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Volkswagen 1303 Kever Cabrio '74

Volkswagen 1303 Kever Cabrio '74 (1974)

Reference CH0708
Make Volkswagen
Model 1303 Kever Cabrio '74
Type cabrio
Construction year 1974
KM 41295
Cilinder displacement 1584
Gears manual
Steering left hand drive
  • Ex-USA
  • Beautiful presentation
  • Not perfect, but certainly in good condition and ready to use
  • Convertible with 5 places for the whole family

The Volkswagen Beetle, officially called the Volkswagen Type 1 (or informally the Volkswagen Bug), is an economy car produced by the German auto maker Volkswagen (VW) from 1938 until 2003. With over 21 million manufactured in an air-cooled, rear-engined, rear-wheel drive configuration, the Beetle is the longest-running and most-manufactured car of a single design platform, worldwide.

Although designed in the 1930s, the Beetle was only produced in significant numbers from 1945 on, when the model was internally designated the Volkswagen Type 1, and marketed simply as the "Volkswagen". Later models were designated VW 1200, 1300, 1500, 1302 or 1303, the former three indicating engine displacement and the latter two being derived from the type number and not indicative of engine capacity. The model became widely known in its home country as the Käfer (German for "beetle") and was later marketed as such in Germany, and as the Volkswagen Beetle in other countries.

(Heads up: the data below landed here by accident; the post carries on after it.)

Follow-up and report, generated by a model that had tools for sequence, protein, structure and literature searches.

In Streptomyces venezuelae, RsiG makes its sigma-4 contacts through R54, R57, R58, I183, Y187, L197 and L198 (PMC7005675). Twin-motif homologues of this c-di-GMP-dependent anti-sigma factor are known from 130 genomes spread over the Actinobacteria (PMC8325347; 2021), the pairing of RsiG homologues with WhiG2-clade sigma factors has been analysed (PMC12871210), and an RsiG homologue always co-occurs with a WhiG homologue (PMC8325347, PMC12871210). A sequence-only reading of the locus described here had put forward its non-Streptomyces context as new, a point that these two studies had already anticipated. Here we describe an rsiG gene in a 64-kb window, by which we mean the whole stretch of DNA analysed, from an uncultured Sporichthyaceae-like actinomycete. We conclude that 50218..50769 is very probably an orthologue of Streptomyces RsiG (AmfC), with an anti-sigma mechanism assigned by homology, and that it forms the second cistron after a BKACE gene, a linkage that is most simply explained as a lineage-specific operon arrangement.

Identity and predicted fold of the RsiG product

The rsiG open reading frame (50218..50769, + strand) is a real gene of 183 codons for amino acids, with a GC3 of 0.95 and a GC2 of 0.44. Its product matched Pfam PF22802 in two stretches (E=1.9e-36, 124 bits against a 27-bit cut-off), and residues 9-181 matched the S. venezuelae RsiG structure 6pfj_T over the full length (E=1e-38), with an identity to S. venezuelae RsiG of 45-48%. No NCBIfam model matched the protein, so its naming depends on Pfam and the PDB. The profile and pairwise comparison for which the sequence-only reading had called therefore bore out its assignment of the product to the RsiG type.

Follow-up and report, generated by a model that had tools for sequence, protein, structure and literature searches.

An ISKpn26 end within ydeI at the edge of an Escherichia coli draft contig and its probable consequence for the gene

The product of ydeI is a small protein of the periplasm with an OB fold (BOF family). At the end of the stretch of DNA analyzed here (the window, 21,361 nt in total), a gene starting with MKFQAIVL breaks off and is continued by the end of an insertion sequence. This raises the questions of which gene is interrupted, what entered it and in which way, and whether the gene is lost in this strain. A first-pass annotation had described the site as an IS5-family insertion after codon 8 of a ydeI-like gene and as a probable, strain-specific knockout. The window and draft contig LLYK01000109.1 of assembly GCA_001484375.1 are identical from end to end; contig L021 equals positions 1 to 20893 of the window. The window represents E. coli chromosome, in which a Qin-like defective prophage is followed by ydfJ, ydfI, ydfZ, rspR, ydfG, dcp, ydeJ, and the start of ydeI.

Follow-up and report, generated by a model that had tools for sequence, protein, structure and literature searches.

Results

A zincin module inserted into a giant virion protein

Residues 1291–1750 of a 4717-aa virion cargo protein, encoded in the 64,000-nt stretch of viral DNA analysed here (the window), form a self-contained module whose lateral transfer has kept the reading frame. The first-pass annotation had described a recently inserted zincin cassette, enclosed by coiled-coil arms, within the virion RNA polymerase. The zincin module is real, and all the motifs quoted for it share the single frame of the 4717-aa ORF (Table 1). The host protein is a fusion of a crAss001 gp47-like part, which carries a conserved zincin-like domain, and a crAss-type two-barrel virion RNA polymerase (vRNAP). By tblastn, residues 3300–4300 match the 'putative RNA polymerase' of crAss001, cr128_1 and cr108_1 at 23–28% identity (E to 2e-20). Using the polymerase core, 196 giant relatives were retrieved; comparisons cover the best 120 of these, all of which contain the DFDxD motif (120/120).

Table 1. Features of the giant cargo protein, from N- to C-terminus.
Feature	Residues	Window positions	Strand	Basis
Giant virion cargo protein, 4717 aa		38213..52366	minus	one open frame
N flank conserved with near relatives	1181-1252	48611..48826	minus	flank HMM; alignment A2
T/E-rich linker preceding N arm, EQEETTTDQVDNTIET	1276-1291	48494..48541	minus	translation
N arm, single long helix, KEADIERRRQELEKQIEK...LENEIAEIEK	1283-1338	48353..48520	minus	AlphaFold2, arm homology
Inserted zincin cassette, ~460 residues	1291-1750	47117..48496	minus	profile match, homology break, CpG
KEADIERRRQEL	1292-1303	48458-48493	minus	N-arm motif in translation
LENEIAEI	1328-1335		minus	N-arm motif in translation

In the 1950s, the Beetle was more comfortable and powerful than most European small cars,[citation needed] having been designed for sustained high speed on the Autobahn. It remained a top seller in the U.S., owing much of its success to high build-quality and innovative advertising,[citation needed] ultimately giving rise to variants, including the Volkswagen Karmann Ghia and the Volkswagen Type 2 bus. The Beetle had marked a significant trend led by Volkswagen, Fiat, and Renault whereby the rear-engine, rear-wheel drive layout had increased from 2.6 percent of continental Western Europe's car production in 1946 to 26.6 percent in 1956. The 1948 Citroën 2CV and other European models marked a later trend to front-wheel drive in the European small car market, a trend that would come to dominate that market. In 1974, Volkswagen's own front-wheel drive Golf model succeeded the Beetle. In 1994, Volkswagen unveiled the Concept One, a "retro"-themed concept car with a resemblance to the original Beetle, and in 1998 introduced the "New Beetle", built on the Golf platform with styling recalling the original Type 1. In a 1999 international poll for the world's most influential car of the 20th century, the Type 1 came fourth, after the Ford Model T, the Mini, and the Citroën DS.

  • Specifications
  • Bodywork
  • Length: cm (in): 406 (160)
  • Width: cm (in): 155 (62.3)
  • Height: cm (in): 150 (59.4)
  • Wheelbase: cm (in): 242 (95.3)
  • Weight: kg (lb): 870 (1918)
  • Mechanics.
  • Displacement: in line 4 1584 cc (97 cu in), air-cooled, rear-mounted
  • Valve gear: 8
  • Fuel system: 1 Solex carburetor
  • Gearbox: 4-speed manual
  • Driven wheels: rear-wheel drive
  • Maximum power: 49 hp at 4000 rpm
  • Maximum torque: 106 Nm at 2800 rpm
  • Maximum speed: 130 km/h (81 mph)
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